Walking through the lair of the condemned

A NewsDay crew was part of a recent tour of Harare Central Prison and nothing could have prepared the group for the adrenalin rush — a result of both sickening fear and excitement – as they approached the D section which houses condemned prisoners. BY PHYLLIS MBANJE

Source: Walking through the lair of the condemned – NewsDay Zimbabwe August 6, 2016

The wide courtyard leads to heavy wooden double doors that lead into the poorly lit corridor (suppose it’s on purpose) which are sturdy, but washed out. The rancid smell of some cheap floor wax and mouldy wood assails the nostrils as one enters the D section of the prison.

The floors are clean by normal standards, but there is a disturbing presence that hangs in the air. Maybe it’s the prior knowledge that inside are the most dangerous elements of society, murderers and such.

Imagination went into overdrive with pictures of society’s most wanted crouching like tigers in their cages, ready to pounce. The heavily-bolted doors that separated the inmates from the tour group did not give any comfort and neither the fact that armed guards were a stone’s throw away.

According to the officer-in-charge, Chief Superintendent Never Kambizi, there are 73 condemned prisoners housed here.

Walking into the corridor weirdest noises filled the air. Some were singing songs, others rambling away while some made queer sounds.

One that stood out distinctly was from an inmate way down the corridor. It was a cross between a war cry and some unintelligible words.

On the right side another whimpered like a puppy, but many broke into whistles upon realising they had visitors.

The singing, talking gibberish and whistling could be a measure to keep their sanity under the circumstances. Many of them have been on death row for years and every day they wait with bated breath for death that never comes.

“We only allow them an hour to exercise and stretch their limbs,” said Kambizi.

A few years ago a senior game ranger with the Zimbabwe Parks and Wildlife Management, Maxwell Bowa, who was on death row for 10 months after killing a poacher, narrated his harrowing tale while in prison.

He was one of the lucky ones that got away after a successful appeal.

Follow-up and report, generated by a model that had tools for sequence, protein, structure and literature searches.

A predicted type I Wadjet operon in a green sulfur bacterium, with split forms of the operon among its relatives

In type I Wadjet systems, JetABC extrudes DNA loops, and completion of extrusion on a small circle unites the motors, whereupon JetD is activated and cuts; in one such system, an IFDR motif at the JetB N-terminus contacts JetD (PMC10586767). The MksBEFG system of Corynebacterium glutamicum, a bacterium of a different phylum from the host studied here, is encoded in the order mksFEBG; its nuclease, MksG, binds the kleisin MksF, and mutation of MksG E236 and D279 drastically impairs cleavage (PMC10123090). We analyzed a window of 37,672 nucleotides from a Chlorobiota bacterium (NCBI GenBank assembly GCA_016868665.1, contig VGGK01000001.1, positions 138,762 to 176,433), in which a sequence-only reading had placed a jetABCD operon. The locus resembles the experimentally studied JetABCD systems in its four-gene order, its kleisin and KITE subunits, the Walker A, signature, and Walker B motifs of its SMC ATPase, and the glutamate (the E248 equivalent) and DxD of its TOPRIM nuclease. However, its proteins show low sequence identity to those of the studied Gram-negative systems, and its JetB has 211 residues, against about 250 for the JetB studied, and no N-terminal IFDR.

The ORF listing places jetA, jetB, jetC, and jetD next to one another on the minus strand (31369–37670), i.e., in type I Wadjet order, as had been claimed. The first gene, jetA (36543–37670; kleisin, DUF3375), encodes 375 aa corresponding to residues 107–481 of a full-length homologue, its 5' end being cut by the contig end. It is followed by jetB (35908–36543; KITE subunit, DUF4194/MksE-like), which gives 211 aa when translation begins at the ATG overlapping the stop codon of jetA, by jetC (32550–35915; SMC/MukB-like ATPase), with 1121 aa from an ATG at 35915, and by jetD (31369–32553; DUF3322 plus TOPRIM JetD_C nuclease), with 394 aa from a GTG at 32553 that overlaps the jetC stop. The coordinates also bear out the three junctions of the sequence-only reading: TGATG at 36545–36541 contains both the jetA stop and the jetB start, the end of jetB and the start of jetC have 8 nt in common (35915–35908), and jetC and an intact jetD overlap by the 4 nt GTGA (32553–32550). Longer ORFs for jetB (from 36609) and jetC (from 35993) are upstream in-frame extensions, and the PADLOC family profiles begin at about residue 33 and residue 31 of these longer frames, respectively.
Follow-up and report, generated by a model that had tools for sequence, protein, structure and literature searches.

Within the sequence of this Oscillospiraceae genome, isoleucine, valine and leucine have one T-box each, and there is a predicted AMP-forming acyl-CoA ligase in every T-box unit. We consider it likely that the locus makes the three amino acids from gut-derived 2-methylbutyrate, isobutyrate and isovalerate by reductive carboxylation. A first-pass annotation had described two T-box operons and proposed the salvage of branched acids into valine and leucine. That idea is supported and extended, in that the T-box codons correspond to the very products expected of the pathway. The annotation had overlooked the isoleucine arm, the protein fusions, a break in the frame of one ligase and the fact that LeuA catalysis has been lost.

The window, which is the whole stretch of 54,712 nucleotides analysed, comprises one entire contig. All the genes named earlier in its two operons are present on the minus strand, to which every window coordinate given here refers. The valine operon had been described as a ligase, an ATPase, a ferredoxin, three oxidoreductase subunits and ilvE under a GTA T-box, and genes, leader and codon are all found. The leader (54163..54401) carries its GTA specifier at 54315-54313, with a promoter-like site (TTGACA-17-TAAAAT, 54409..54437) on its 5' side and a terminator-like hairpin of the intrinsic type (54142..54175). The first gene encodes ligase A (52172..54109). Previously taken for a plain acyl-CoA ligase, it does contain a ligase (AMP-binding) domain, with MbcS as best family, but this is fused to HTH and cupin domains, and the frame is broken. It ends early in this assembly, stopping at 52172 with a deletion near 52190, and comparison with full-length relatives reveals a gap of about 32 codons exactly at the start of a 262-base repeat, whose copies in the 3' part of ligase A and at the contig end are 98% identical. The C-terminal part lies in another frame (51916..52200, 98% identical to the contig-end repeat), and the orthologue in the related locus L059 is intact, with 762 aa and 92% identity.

Bowa at the time was haunted by the ghosts of Hwahwa Prison where he was in solitary confinement 23 hours a day for almost a year.

“Most of fellow inmates on death row have lost their minds. Many no longer have hope nor the will for life,” he said.

That could explain the behaviour of the Harare Central Prison’s condemned.

Upon insistence from visiting correctional officers the from Southern African Development Community, who were part of the tour, one door was opened and the group came face-to-face with one of the condemned.

He is said to be one of the few that are not violent. His face is impenetrable and gives away nothing. He answers to greetings and tells the visitors he has no complaints.

His cell is tiny and suffocating. He lounges casually against the walls. Next to it are two plates, one with beans, another with green vegetables, both do not look appetising. Looks like he had not touched any of his food.

After a brief chat the door is closed, but before it does, for a moment a flash of desperation shows on his face. His mouth opened partially before the door completely shut on him.

There has always been debate on the abolishment of the death penalty in Zimbabwe. Despite the furore over why the country should retain this despicable practice that has since been abandoned by many countries, over 100 inmates are on death row.

Vice-President Emmerson Mnangagwa, who is also the Justice minister, has spoken out against this practice.

But there has not been any execution since 2004 because there is no hangman. Human rights activists have agitated against the emotional torture that the condemned go through every day.

However, on a positive note, key amendments were made to the country’s laws and women and those under the age of 21 are now exempted from capital punishment.